Little is known about Messalina’s life prior to her marriage in 38 to Claudius, her first cousin once removed, who was then about 48 years old. Claudia Octavia was born in AD 39 or 40, a future empress, stepsister and first wife to the emperor Nero; and Britannicus in AD 41. When the Emperor Caligula was murdered in 41, the Praetorian Guard proclaimed Claudius the new emperor and Messalina became empress.
With her accession to power, Messalina enters history with a reputation as ruthless, predatory and sexually insatiable. Her husband is represented as easily led by her and unconscious of her many adulteries. In 48 AD, he went away on a trip and was informed when he returned that Messalina had gone so far as to marry her latest lover, the Senator Gaius Silius. While many would have ordered her death, the Emperor offered her another chance. Seeing this as weakness, one of his head officers went behind the Emperor's back and ordered Messalina's death. Upon hearing the news, the Emperor did not react and simply asked for another chalice of wine. The Roman Senate then ordered a damnatio memoriae so that Messalina's name would be removed from all public and private places and all statues of her would be taken down.
Sunday, 7 August 2016
The stone slabs weigh up to two tons each. According to local legend, they were placed by the devil to win a bet. Its age is unknown, as several theories claim that the steps date from the Bronze Age, c. 1000 BC, but others date them from around 1400 AD. It has been restored several times in recent years, following flood damage.
The steps have appeared on British stamps twice, in 1968 and 2015.
1968 UK stamp
2015 UK stamp
Thursday, 14 July 2016
Beehive querns are a characteristic later pre-Roman Iron Age type, although their chronology has yet to be refined. They were the first characteristic quern shape to be introduced into Britain. The horizon of their introduction is likely to be late in the 4th century BC and they remained in use until replaced by Roman rotary querns, perhaps from late in the first century AD, a process which may have extended over at least a century, although, again, the chronology has yet to be clarified.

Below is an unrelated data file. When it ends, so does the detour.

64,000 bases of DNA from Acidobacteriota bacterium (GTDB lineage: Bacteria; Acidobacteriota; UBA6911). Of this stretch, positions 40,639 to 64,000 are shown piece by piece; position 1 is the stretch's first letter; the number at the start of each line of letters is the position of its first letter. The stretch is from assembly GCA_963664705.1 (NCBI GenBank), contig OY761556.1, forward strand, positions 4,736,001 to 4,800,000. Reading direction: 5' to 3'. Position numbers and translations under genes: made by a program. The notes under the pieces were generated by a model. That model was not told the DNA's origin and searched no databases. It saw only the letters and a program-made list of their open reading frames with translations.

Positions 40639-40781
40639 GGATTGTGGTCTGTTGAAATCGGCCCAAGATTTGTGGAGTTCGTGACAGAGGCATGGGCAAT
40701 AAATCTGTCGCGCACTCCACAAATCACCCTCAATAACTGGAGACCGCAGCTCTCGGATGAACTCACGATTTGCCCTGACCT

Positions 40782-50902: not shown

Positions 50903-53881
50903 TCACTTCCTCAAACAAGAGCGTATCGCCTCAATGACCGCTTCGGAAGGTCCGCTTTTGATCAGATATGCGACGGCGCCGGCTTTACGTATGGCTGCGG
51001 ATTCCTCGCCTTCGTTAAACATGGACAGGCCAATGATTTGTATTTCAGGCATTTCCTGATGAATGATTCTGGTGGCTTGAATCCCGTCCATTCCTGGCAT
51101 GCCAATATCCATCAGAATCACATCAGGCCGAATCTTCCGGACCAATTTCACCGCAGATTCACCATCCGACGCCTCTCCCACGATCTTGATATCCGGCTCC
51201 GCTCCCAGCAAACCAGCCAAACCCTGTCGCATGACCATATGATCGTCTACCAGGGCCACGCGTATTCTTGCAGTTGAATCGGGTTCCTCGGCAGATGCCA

In West Yorkshire querns are important as an indicator of the general distribution of later pre-Roman Iron Age settlement, subject to the usual caveats regarding the presence or absence of fieldworkers and museums, and other variables affecting their discovery and reporting.
Querns are particularly prevalent in the valleys of the rivers Wharfe and Aire, the distribution thinning out on the Pennine uplands and in the lower parts of the Vale of York. This pattern presumably reflects limited populations, but the thinning of the distribution in South Yorkshire may be a function of observation and recording. Within the general distribution pattern it is of particular interest to note the iffering distribution of ‘tall’ querns with sides of greater than 70 degrees to base and 'hemispherical' querns with sides of less than 60 degrees to base. While hemispherical querns are particularly found in North Yorkshire and the Tees valley, ‘tall’ querns are a feature of West Yorkshire, suggesting a cultural distinction which may also be reflected in the ritual and burial traditions noted above.
How long it took flat rotary querns to supplant beehive querns remains unclear, but it is likely that the use of beehive querns did not extend into the 3rd century AD.
Sunday, 10 July 2016
Private Joseph Richardson PalmerIt took me a while to identify which picture belonged to which person as neither is named but, from examination of cap badges and tunic buttons, I think I’ve got the correct attribution.
Death notice Private Joseph PalmerThe first, Private Joseph Richardson Palmer, was in the Leicestershire Regiment. He died of wounds in the 1st Australian Hospital in Rouen on 4th June 1918, aged 23, purportedly from an air raid on the hospital where he was being treated. He is buried in St. Sever cemetery extension, Rouen.
Private Edward Goodwill Palmer
The second, Private Edward Goodwill Palmer, aged 19, in the Essex Regiment was killed on September 21st 1918 aged 19. He is buried in Unicorn cemetery, Vendhuile.
Thorner parish magazine cover, November 1918His death was reported in the November parish magazine, obviously published just before the declaration of the armistice. Two other village war deaths are recorded in the magazine, Private Percy Yates, died of wounds on 6th October, and Private Herbert Mitchell MM, October 17th and who is buried in Thorner churchyard.
Thorner parish magazine text, November 1918